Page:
The Boston Diaries

The ongoing saga of a programmer who doesn't live in Boston, nor does he even like Boston, but yet named his weblog/journal “The Boston Diaries.”

Go figure.

Saturday, February 04, 2006

Targeting Advertising

The feature is live (and if you are reading this entry via the RSS feed, you may want to click over to the site to see what I'm talking about).

Okay, sure, it's just a block of advertisements from Amazon and you may ask “You had bugs just adding some HTML to your templates?” But you see, it wasn't just some HTML to my templates that I added. Nope, there's a bit more going on behind the scenes than just that. And to describe what that is, I have to digress a bit.

When I first wrote mod_blog, I was on a big kick to add metainformation to every page on my site. And part of that metainformation included keywords embedded in the <META> tags. So mod_blog supported, pretty much from day one, a list of keywords for each entry. That was five or six years ago and while I've kept up the process of adding keywords (or “tags” as the concept is now called) since the start, I haven't really done much with the information.

The intent originally was to have the ability to list entries based on a tag—something like http://boston.conman.org/keyword/programming but you can see I never got around to doing that. I also discovered, over the years, that I had way more tags than actual entries.

One of the problems I see with multi-faceted classification is the proliferation of classifications. My own blogging software allows for the classification of each entry; in fact, it allows multiple classifications for each entry (and although every entry of mine has such classifications, there isn't support yet for using the data for anything).

Out of 1,514 current entries (nearly four years worth) I have created 2,671 distinct classifications—1.76 catagories per entry). Part of that is unintentional duplication (five different typings of “Cue Cat” for example); silly classifications are another reason (“dead zombie languages rising from the dead” anyone?). It's what you get when you allow free form classifications.

I suppose you could go through and automatically pull out relevent words but there is an art to indexing; “Dave Weiner” should not only be treated as one word for indexing, but it should instead be “Dave Winer” (typos and mispellings are another problem).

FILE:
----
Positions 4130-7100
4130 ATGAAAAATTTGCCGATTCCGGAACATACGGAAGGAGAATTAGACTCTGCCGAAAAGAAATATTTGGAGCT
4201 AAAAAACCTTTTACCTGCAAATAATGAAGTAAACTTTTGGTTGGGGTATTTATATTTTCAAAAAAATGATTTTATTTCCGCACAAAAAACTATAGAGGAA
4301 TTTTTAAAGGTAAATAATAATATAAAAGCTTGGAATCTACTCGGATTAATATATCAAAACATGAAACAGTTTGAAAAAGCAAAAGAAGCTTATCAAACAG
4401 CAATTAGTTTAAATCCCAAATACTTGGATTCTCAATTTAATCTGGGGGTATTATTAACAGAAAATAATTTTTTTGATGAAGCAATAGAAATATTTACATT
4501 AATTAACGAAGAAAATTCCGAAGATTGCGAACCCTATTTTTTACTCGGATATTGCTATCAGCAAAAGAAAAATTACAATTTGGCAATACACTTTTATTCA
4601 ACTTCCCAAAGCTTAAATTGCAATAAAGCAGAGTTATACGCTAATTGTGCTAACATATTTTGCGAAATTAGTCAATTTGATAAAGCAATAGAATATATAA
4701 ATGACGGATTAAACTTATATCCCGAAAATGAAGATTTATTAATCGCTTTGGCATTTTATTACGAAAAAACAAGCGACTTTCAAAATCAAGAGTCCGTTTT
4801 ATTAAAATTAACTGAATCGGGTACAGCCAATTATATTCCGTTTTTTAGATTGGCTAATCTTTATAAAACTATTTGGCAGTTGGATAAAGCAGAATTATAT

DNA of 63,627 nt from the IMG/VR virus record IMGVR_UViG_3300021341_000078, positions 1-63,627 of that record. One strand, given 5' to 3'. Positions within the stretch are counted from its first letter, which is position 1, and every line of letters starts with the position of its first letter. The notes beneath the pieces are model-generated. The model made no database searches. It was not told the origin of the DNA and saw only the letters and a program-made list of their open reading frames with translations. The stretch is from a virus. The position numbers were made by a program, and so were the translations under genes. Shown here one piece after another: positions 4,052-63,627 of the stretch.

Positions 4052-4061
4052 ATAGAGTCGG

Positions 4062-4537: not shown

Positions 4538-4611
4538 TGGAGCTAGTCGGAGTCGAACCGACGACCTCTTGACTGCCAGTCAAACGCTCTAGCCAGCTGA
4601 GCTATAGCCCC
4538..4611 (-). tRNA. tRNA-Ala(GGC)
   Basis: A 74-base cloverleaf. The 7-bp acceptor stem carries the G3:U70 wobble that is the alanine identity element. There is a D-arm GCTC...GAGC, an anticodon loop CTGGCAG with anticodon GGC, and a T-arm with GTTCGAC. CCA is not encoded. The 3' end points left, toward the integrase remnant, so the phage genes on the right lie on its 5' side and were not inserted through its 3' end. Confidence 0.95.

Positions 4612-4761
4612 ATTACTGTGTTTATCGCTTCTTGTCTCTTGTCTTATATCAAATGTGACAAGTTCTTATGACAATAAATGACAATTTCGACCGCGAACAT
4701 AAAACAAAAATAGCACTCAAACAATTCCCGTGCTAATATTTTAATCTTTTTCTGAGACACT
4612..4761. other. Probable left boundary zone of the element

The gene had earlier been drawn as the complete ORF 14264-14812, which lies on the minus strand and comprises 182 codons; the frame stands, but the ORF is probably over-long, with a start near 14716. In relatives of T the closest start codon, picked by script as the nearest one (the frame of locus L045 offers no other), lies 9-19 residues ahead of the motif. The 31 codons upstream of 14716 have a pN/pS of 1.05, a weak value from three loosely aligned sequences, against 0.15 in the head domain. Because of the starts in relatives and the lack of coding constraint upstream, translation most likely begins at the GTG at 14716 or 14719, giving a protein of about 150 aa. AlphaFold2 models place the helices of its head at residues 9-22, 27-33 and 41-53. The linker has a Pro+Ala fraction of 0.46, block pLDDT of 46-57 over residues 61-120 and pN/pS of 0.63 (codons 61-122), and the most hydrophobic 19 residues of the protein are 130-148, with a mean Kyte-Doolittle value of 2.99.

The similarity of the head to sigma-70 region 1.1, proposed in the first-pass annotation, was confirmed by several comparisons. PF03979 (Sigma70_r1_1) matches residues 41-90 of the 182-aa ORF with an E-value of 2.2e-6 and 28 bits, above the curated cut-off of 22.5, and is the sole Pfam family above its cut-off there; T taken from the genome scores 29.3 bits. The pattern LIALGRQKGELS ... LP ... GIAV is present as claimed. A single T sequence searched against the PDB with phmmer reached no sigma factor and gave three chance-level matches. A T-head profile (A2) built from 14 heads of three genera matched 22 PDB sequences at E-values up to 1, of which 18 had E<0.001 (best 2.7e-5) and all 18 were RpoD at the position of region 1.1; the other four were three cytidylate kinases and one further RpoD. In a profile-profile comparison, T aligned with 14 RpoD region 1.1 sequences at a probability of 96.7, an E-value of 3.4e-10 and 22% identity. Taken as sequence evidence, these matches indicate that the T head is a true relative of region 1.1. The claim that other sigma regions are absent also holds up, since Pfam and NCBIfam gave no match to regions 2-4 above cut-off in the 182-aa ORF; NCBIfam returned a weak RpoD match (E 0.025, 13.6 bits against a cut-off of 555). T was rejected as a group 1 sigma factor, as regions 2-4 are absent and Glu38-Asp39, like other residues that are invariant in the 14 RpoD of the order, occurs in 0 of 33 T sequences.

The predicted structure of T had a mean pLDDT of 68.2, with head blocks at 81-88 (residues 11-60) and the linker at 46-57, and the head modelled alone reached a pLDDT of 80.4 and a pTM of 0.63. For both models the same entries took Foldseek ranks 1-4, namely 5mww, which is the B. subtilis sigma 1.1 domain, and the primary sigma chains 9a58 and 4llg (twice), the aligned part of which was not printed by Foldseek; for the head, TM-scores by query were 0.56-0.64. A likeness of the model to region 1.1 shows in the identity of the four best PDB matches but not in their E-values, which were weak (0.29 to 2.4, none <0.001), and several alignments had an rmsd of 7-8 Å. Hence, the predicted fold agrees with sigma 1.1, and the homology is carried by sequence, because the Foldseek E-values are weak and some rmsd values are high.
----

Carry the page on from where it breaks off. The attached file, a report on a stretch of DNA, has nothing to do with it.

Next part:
myself in a comment on Wikis Aren't Enough

Be that as it may, time went on, I kept up with adding tags for each entry, and I still hadn't had a use for them, until I came across this web page about a week or so ago:

Yes, indeed, amongst Howard Tayler's readers there are a lot of computer geeks. I know I am not a typical web user, but I am a pretty typical web developer. And I have zero desire to “Boost XML app performance.” I also have all the “ODBC drivers” that I need.

Many of you, my readers, are bloggers or have regular web sites with AdSense ads. Look at them. How many you'd say are “inefficient, dishonest and a total waste of people's … precious time”?

I say—about 99.5%. And clickthrough ratios are pretty horrible. People try to tweak them by playing around with ad types, look and feel, positioning and excluding advertisers, but it's all rather ineffective.

In short, I feel that even though Google's ads are a step in the right direction, AdSense sucks, especially for a blog with a smallish audience, such as mine. The useless, stupid ads that clog AdSense are a waste, even though they might generate a few “pity clicks.” Only half of my ad revenue for the site came from AdSense last year. The rest came from my experiment that I think will be of great interest to everyone.

I believe that my 1000 readers are a lot like myself. And what do I spend a huge amount of money on every year? Books, movies, cds and gadgets. Also I purchase some rather esoteric items on eBay too, but the majority of my spending happens squarely at Amazon.com. My wishlist there is humongous, and in fact, I spent my advertising revenue there.